By contrast in the Middle East we have a conquest by a very tribal people, the Arabs, over settled urban and agricultural areas, who initially lived as a parasitic class and found the tribal system very useful in perpetuating their rule and in dividing internal opposition. Further this was an area with much more extensive marginal lands than Europe, where pastoralism/transhumanance, both seemingly promoters of tribal political systems, were often the most efficient use of the land. This was exacerbated by both the multiple Turkic eruptions, that intoduced new populations of pastoralists that displaced agriculture, as well as trends towards desertification, which did the same. Further from the late Abbasid period until at least the 16th/17th centuries ( and lingering into the 20th in a more minor way ), the dominant military paradigm was adminstration by settled urban elites and military recruitment from Turkic ( sometimes Kurdish and Arab as well, but usually in subsidiary roles as part of larger Turkoman confederacies ) pastoralists. As the need to maintain oneself in power can trump even the demand for greater agricultural revenue, the tribal pastoralists were often just too useful to weaken or too powerful to challenge ( though they were certainly occasional exceptions ). Hence tribal politics blended with, merged with and often trumped urban politics.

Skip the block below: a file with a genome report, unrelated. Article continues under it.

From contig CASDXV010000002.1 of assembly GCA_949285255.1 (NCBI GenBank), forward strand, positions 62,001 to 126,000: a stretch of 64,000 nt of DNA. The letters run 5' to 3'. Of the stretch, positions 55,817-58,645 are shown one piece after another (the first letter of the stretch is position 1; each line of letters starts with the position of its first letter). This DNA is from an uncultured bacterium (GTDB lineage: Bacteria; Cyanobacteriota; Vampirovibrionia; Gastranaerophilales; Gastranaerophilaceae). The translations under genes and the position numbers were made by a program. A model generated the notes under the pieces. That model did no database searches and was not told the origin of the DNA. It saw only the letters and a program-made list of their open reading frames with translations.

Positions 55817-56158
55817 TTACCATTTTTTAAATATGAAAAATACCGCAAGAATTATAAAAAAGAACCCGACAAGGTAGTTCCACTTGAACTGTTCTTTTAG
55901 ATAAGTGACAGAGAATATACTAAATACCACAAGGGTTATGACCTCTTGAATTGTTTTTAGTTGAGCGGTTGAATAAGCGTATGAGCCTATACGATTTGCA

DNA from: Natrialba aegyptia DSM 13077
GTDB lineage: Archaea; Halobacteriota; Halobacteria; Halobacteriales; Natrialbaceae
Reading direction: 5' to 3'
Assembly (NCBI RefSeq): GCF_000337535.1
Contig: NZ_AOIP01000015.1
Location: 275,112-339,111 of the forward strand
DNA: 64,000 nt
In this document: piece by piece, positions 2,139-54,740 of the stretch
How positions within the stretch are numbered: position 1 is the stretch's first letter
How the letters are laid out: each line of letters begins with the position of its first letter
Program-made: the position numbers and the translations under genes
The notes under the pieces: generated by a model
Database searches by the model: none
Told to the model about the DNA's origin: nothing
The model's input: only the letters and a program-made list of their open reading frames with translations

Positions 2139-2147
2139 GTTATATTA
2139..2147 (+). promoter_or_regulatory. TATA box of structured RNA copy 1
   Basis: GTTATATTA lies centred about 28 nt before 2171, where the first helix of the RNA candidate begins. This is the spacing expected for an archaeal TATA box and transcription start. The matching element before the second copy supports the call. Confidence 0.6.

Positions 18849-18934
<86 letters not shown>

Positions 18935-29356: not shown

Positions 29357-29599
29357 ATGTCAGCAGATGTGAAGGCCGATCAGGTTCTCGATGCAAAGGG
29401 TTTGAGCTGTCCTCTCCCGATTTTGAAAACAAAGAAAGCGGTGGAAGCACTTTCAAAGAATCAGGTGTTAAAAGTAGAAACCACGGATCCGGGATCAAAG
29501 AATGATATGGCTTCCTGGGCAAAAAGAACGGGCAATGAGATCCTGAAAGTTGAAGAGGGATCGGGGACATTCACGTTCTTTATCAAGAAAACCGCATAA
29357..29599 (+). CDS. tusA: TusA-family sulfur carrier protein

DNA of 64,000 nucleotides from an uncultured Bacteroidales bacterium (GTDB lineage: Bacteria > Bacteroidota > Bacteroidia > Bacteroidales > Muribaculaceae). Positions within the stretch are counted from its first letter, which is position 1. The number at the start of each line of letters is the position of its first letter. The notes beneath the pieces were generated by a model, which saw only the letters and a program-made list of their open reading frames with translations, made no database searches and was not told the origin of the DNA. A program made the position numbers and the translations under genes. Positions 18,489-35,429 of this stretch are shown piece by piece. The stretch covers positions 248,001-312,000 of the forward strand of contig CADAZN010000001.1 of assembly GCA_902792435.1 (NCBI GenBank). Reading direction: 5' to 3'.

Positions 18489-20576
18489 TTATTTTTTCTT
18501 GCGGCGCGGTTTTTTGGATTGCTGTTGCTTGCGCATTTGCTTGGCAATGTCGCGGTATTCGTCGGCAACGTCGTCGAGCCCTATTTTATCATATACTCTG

Tribes were just vastly more useful as political units in the ME/NA than they were in Europe and as a ( very unfortunate ) consequence they lingered.*